Arguing For/Over the Dignity of DifferenceAlon Goshen-Gottstein
The Elijah Interfaith Institute
1 Methodology and Terminology
We seek to make a difference, somehow, by appealing to ideas. If that were not the case, we would not be here working through nuances of an idea and their implication for religious communities and how they view each other. Our task is to work through a concept and to consider how it could help us view each other - members of different faith traditions. Such exercises come under the domain of theology of religions, and our project is in some way informed by a pluralist ethos, even if, as I shall suggest below, it need not be identified with the philosophical position technically referred to as pluralist.1 But our goal is surely to increase respect, to accommodate, to endow with value, and all this from the foundations of a particular faith tradition - in my case - Judaism, as it addresses todays interreligious challenges.
Let us then consider what ideas we seek to work through, in this exercise for deepening respect for the other. The present conversation, focusing on the notion of respect for difference, is part of a larger conceptual project, focused on the notion of flourishing. My presentation will accordingnly explore the dual foci - flourishing and the respect for difference, within the framework of a Jewish view of other religions.
Let me begin with a word about flourishing.2 In this term I hear the following elements: well-being, reaching fulfillment of ones being or realizing the potential of ones identity, identifying ones true calling or vocation, finding ones place in Gods plan. These nuances overlap and inform each other, offering a robust sense of flourishing that is not simply this-worldly, but anchored in a vision of spiritual fulfillment in the Divie. Accordingly, if we consider the flourishing of the other, we consider the others greatest fulfillment and realization, and if we think of the other as flourishing we not only consider the other with a benevolent gaze, but also proffer value upon the other. Attaining a state of flourishing is not only valuable as a good thing, but also a state that engenders respect and positive value for the other. Anyone - individual, group or religious community - who has reached the telos of their lives and fulfilled it deserves our respect. The challenges of human life are such that one cannot take such an attainment for granted.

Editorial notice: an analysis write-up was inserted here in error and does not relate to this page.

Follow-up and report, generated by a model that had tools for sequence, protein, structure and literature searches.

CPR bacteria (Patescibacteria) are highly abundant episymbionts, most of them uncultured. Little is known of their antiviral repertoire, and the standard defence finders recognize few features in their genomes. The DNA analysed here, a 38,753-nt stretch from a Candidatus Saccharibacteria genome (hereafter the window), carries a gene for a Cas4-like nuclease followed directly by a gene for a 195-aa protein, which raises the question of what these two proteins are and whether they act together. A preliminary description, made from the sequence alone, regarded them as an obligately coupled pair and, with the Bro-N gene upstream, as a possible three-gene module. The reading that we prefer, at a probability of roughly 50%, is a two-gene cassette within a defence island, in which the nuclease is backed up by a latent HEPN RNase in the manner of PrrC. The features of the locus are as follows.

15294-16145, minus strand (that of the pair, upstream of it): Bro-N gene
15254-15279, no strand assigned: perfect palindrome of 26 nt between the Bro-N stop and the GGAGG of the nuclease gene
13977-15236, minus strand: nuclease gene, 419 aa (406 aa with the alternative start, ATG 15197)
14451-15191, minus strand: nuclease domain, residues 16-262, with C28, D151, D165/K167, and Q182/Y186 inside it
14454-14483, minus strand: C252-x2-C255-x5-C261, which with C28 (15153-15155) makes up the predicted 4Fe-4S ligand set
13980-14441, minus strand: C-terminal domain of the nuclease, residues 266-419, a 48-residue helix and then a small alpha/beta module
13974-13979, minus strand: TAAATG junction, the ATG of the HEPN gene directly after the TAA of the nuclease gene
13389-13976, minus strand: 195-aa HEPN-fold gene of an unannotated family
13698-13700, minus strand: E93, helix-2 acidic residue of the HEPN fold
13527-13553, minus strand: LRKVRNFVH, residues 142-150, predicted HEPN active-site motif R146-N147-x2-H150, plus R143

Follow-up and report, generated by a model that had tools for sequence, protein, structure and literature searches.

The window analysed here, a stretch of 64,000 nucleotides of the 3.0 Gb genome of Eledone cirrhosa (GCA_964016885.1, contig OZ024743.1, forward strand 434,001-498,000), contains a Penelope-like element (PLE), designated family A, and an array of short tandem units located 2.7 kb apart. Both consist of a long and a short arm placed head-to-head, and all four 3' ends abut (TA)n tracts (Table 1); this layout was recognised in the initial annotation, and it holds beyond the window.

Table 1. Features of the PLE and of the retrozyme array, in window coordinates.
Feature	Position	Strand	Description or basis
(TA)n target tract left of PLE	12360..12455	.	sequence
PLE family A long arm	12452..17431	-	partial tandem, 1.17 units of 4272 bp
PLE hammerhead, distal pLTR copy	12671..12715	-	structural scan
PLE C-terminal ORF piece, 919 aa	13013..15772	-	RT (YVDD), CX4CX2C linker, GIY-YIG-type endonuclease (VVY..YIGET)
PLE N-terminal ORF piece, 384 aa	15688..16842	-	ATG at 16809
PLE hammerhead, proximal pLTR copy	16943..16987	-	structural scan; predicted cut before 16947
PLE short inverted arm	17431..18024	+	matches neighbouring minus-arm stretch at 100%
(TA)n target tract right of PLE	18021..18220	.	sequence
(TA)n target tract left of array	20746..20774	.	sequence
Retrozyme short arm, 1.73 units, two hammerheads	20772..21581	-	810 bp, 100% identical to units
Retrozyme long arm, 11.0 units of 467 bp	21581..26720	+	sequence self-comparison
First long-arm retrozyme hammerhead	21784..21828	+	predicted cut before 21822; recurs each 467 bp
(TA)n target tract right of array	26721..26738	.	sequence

While flourishing provides positive valuation for the other it may not and need not be the grounds for a view of the other as equal. Going back to the just-mentioned distinction between a
1Following Alan Races threefold typology, made famous by John Hick, of exclusivist, inclusivist and pluralist. 2 The first project of the Elijah Interfaith Academy, a decade ago, was titled: Religion, Society and the Other: Hostility, Hospitality and the Hope of Human Flourishing. The volume will appear shortly at Lexington Books. The appeal to the term was intuitive and we did not offer a formal definition of what we intend by flourishing.
Justin E. CrispA paper presented at the Yale Center for Faith and Culture consultation on Respect and Human Flourishing,sponsored by the McDonald Agape Foundation
pluralist and an inclusivist approach to other religions, we usually consider the pluralist as someone who sees the other as fully equal in value, achievement, closeness to God, knowledge, salvation etc. By contrast, the inclusivist maintains some sense of his tradition being of greater value than that of the other: either a fuller revelation, a more intimate relationship with God, greater knowledge, or some other way of being superior, greater or better, even though the other religion is seen in a basically positive light. Positive, yet in some way inferior. To the extent that those active in interfaith work and reflection rarely subscribe to a strong exclusivist view, and seek to find some way of articulating a positive view of the other, positions typically oscillate between shades of inclusivist and pluralist views.3 Within this range, it is worth considering how flourishing functions. As noted, our conversation is informed by a pluralist ethos, but it would seem that flourishing need not rely on a pluralist view of religions in order to uphold our view of the religious other. We can seek, appreciate and value the flourishing of the other, even if the religion that is the means for such flourishing is not deemed on a par with our own and is accommodated through an inclusivist strategy. In fact, flourishing is a very helpful category for the inclusivist, inasmuch as it addresses the impact of a religion upon the lives of believers, rather than the truth, authenticity, revelation or any other factor that related to the metaphysical, hierarchical or revelation-based status of a religion. Another religion may be good because it leads to its followers flourishing, even if it is considered limited or even inferior to our own, in some way. And so, a religion may be considered less perfect than our own, in need of rectification, advancement, evolution etc., but still worthwhile because it leads to the flourishing of its adherents.